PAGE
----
The Joyous Rage of Joyce DiDonato

Justin Davidson

By Justin Davidson

on 01.24.13 in Spotlights

Drama Queens

Joyce DiDonato/Il Complesso Barocco/Alan Curtis

Baroque opera is a primeval emotional landscape populated by terrifying creatures: venomous queens, apoplectic gods, obsessive enemies, suicidal lovers. It is not where you would expect to find a cheery, Kansas-bred mezzo-soprano like Joyce DiDonato. Yet there she is, marching through this territory of extremes, handling its volatile wildlife with aplomb, making murderous emotions safe for human contact.

Have you ever felt the kind of sensual anger that sometimes invades your limbs and fills you with the curdled milk of human self-righteousness? That’s the kind of joyous rage that DiDonato funnels into the aria “Crude furie” (from Handel’s Serse), which summons “ruthless furies from the barbarous abyss.” The album of Handel arias is called Furore, and in it she delights in the physical pleasure of indignation, using it to power not just the high scorcher of a note on “seno” (“breast”), but a whole range of quivering subtleties.

DiDonato has said that the world needs opera — and opera needs Handel — precisely because of those outsized ladies who strut and screech and dominate and implore, multiplying ordinary human emotions to Imax scale and dispensing with petty fretting and miniature woes. These are characters who suffer exquisitely. Real pain is not beautiful or fun to witness, but opera can transfigure it into a spectacularly entertaining conflagration. For that to happen, the singer has to perform two contradictory tricks: abandon herself utterly to the cascade of dangerous emotions, and maintain total control. DiDonato is one of very few singers who can keep those opposites in unwavering equilibrium.

Unthinking musicians often make baroque arias sound lugubrious and repetitive, because on paper they are. But 18th-century composers trusted interpreters to understand that on the stage as in real life, saying something again means saying it more intensely. If the page reads “Are you? Are you? Are you?” the singer must make it: “Are you? Are you? ARE YOU?” — and not just by getting louder. For a sense of how a great singer regulates the flow of energy, listen to the opening of “Addio, Roma,” from Monteverdi’s L’incoronazione di Poppea: a quick, pale dab of voice brushed across an “Ah.” As DiDonato’s timbre comes into focus, so does the character’s crushing despair. It takes no more than a syllable to open a fragile soul.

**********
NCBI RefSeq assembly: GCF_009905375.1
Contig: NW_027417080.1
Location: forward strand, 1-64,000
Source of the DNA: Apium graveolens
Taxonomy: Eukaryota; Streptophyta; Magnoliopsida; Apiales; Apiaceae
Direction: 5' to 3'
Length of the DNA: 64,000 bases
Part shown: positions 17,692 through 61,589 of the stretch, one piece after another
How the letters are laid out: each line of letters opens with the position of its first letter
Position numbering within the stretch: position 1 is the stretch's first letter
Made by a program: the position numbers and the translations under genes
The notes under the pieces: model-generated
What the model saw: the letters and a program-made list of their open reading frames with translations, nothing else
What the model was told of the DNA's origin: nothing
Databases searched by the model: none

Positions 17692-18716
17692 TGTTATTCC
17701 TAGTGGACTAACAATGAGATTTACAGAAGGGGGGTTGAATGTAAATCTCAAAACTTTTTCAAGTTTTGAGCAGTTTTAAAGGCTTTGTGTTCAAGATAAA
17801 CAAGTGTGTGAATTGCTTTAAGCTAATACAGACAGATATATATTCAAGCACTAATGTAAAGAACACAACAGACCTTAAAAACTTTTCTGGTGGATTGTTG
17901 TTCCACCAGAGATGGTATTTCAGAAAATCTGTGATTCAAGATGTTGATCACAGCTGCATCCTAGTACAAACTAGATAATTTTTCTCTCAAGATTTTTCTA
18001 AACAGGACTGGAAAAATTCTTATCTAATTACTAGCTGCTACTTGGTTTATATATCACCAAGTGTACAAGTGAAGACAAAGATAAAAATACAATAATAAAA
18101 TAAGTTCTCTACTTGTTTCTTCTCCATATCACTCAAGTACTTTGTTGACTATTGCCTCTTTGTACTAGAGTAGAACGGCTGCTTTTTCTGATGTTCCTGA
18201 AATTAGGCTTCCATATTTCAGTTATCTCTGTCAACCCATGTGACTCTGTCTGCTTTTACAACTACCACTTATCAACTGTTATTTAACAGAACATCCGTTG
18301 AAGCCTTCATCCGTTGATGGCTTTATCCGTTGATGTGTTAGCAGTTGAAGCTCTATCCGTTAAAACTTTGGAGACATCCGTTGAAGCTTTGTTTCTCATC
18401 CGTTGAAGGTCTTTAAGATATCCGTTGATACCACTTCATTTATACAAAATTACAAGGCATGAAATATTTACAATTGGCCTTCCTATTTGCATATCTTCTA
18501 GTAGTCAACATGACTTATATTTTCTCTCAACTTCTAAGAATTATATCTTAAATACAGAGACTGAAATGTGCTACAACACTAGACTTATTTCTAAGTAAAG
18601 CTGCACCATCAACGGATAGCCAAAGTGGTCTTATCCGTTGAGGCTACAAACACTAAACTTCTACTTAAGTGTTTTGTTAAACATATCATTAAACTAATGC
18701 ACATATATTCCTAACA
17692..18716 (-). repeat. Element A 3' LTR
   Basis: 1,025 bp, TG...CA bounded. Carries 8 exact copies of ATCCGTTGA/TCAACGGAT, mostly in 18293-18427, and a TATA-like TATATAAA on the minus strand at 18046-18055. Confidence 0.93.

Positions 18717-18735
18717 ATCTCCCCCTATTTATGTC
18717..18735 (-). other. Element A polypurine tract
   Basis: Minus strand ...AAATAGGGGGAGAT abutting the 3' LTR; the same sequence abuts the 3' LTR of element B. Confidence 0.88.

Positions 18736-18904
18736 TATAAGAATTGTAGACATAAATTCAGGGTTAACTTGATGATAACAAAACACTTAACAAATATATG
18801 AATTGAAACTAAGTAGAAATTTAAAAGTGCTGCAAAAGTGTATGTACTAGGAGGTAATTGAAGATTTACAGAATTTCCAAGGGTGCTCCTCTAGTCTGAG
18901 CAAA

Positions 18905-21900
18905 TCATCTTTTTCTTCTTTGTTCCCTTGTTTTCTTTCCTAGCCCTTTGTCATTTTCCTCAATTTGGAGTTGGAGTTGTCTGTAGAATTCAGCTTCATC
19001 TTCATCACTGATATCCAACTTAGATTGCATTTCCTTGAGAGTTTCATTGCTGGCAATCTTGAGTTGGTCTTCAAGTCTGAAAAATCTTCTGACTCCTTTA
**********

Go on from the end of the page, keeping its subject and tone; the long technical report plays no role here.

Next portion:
DiDonato returns to that opera in her most recent — and most spectacular — recording, Drama Queens. She begins the empress Octavia’s aria “Disprezzata regina” (“Scorned Sovereign”) with an intimate moan and gradually ramps up the indignation into a full-throated feminist cry: “Se la natura e ‘l ciel libere ci produce/ Il matrimonio ci incatena serve” (“If nature and the heavens make us women free/ Marriage chains us in slavery.”

If DiDonato confined herself to the baroque era, or if she were merely a connoisseur of misery, that would have been enough for a fine career. But she strides into other centuries, and other styles, with enormous charm, and that makes her a star. In her collection of Rossini arias, she floats from silken scales to gossamer trills, rising to each high note on a helium cloud, before shivering back down. She’s also professional without being pretentious. You can hear her sense of humor and natural lack of fakery in the “Villanelle” that opens Berlioz’s Les nuits d’été. As that work’s summer nights more languorous and more heavily scented in “Le spectre de la rose,” DiDonato unfurls yet another aspect of her musicality, a wistful tenderness carried on the warm breeze of her voice.

Charm and melancholy merge in her recital album Diva, Divo, in which she hops back and forth between male and female roles. In “Nacqui all’affanno,” the final aria of Rossini’s Cenerentola, the ever-ebullient Cinderella recalls her life of drudgery and chortles over her good fortune at having found her prince. After some draping some filigree around the stage, she stands back for a moment and lets the orchestra gallop for a while before lighting the fireworks of “Non più mesta.” When she arrives at that moment, bleakness is banished and joy takes over for as long as Joyce DiDonato keeps flinging luminous notes into the air.